Animal Rebellion return for first post-pandemic protest

XR offshoot Animal Rebellion Bristol will protest in the city centre on Saturday (June 4), their first public demo since the pandemic. 

The protest will begin outside Barclays in Broadmead at 10.30am before marching through the city centre with the XR Samba Band and speaking to members of the public about the links between the meat and dairy industry and climate breakdown. 

Animal Rebellion Bristol say that transitioning away from animal agriculture is essential in the face of mass extinction and climate breakdown. 

They go on to say that Saturday’s protest will be the first action in what they hope to be a return to pre-pandemic levels of disruption and civil disobedience. In the past the group has gained notoriety for its sit-in protests at McDonald’s and a blockade of a McDonald’s distribution centre last year. 

Animal Rebellion UK is demanding that the UK government stop subsidising the meat and dairy industries. Animal Rebellion Bristol is demanding that Bristol City Council work with ProVeg to switch to plant-based food. ProVeg is a non-profit organisation that works with local authorities and school caterers to increase the health and sustainability of school food through advice, recipes, and plant-based cooking workshops.

The group will be joined on Saturday by Plant Based Treaty, a grassroots campaign to create a companion to the Paris Climate Agreement calling on governments to prioritise food security by transitioning towards plant-based diets. 

Read more about vegan activism in Bristol here.

The Plant Based Treaty would see member states agree to an immediate prohibition on new animal farms and land use change to enable new farms, promote healthy, plant-based diets for all and make food security a national priority, and finally to restore lands degraded by animal agriculture.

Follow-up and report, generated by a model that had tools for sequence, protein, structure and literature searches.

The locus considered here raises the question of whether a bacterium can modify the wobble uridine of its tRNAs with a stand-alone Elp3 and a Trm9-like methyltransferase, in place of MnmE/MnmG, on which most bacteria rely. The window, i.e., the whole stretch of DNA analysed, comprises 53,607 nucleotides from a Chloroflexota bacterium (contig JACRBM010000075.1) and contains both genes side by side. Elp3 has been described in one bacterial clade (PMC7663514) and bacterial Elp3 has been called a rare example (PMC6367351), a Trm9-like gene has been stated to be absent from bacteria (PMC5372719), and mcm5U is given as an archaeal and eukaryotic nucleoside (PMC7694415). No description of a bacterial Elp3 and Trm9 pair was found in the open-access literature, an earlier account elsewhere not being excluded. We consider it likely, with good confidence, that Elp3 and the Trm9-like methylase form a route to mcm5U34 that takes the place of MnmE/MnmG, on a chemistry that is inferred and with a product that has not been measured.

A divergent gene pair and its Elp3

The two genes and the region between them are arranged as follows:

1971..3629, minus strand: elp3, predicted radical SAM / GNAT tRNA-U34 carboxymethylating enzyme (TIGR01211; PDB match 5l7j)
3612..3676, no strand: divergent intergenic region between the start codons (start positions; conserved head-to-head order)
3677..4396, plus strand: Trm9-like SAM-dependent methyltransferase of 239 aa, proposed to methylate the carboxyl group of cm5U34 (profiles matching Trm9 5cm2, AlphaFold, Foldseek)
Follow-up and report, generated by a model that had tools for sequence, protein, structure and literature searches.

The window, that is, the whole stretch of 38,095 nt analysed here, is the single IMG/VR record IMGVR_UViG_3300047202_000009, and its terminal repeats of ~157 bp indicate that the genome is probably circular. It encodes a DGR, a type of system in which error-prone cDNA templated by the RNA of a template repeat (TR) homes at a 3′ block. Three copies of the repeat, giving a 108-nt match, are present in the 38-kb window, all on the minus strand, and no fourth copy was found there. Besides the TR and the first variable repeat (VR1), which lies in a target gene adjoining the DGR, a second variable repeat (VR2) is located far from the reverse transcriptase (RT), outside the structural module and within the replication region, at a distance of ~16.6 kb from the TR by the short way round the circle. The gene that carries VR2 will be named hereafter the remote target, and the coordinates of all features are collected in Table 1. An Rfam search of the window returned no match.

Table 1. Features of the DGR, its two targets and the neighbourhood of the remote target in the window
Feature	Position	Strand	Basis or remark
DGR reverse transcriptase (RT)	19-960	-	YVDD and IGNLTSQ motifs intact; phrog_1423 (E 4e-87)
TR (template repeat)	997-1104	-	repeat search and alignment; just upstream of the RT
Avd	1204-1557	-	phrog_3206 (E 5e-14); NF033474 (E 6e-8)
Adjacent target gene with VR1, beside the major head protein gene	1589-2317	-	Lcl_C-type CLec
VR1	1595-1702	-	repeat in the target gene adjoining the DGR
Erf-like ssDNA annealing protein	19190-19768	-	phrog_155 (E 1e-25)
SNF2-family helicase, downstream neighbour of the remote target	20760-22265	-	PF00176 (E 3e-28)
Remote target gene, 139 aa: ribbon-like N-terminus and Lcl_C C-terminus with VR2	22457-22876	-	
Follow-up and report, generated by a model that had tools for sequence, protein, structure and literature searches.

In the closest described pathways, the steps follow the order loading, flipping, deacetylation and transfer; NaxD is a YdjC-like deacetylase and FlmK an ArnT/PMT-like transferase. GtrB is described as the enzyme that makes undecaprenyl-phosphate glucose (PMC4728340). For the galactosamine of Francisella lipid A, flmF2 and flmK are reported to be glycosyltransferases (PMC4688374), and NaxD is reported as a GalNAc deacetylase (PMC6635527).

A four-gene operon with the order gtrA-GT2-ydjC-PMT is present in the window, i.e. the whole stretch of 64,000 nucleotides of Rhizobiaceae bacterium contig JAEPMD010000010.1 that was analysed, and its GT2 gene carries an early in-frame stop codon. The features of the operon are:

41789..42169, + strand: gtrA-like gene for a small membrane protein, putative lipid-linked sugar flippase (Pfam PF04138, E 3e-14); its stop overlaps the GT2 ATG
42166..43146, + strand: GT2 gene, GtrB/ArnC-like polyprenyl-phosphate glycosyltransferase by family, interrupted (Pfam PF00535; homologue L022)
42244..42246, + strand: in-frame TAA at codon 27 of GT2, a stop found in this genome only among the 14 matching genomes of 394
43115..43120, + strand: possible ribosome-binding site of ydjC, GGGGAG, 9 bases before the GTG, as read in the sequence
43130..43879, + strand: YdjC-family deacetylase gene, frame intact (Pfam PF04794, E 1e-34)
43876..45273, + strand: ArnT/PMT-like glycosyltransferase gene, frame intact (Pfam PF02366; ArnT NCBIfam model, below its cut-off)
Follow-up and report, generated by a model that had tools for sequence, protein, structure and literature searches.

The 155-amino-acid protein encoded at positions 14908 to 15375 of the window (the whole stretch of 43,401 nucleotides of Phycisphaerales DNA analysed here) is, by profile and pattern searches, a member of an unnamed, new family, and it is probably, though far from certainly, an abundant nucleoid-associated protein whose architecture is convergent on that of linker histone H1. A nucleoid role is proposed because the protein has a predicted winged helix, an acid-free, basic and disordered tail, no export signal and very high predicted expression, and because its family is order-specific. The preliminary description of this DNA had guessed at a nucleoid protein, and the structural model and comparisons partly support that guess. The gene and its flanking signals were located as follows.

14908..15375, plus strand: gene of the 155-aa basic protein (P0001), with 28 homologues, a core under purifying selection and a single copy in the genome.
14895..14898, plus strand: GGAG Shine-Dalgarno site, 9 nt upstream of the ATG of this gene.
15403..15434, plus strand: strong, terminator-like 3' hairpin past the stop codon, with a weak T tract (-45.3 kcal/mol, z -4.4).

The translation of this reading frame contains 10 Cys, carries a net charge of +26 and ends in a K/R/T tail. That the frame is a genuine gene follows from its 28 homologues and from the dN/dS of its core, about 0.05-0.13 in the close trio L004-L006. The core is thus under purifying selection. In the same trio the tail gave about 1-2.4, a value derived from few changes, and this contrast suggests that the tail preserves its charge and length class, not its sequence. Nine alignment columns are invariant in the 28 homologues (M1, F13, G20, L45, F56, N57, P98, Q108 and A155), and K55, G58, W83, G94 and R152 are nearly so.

Why is animal agriculture an issue?

Animal agriculture is a major source of greenhouse gas emissions, accounting for 10% of UK greenhouse emissions and 30% of offshored emissions.

But our obsession with meat is unsustainable in other ways too.

The explosion in animal agriculture in recent decades has come at the expense of other species. Domestic livestock now make up 60% of the biomass of all mammal life of earth, with humans another 36%. 

All those cows, pigs and sheep need space and the creation of pasture land for animal agriculture results in biodiversity loss as habitats like forests are cleared. A quarter of animal and plant species are already under threat from extinction, and around 1 million more face extinction within the next few decades. 

Yet even as our food system becomes more globalised, the diversity of the food we eat has shrunk. Today just four crops – rice, corn, wheat and soy – make up the majority of our calories, making our food system much more vulnerable to shocks, like the Ukraine war. 

A 2021 report from policy institute Chatham House into biodiversity loss recommended, amongst other things, that governments around the world promote plant-based diets to reduce food demand and the pressures of animal agriculture on the planet. 

The report also found that inaction is ‘economically irrational’ since the costs of transforming the food system are outweighed by the costs to the planet of our unsustainable food system. 

Find full details at the Facebook event.

Feature image: Animal Rebellion Bristol.

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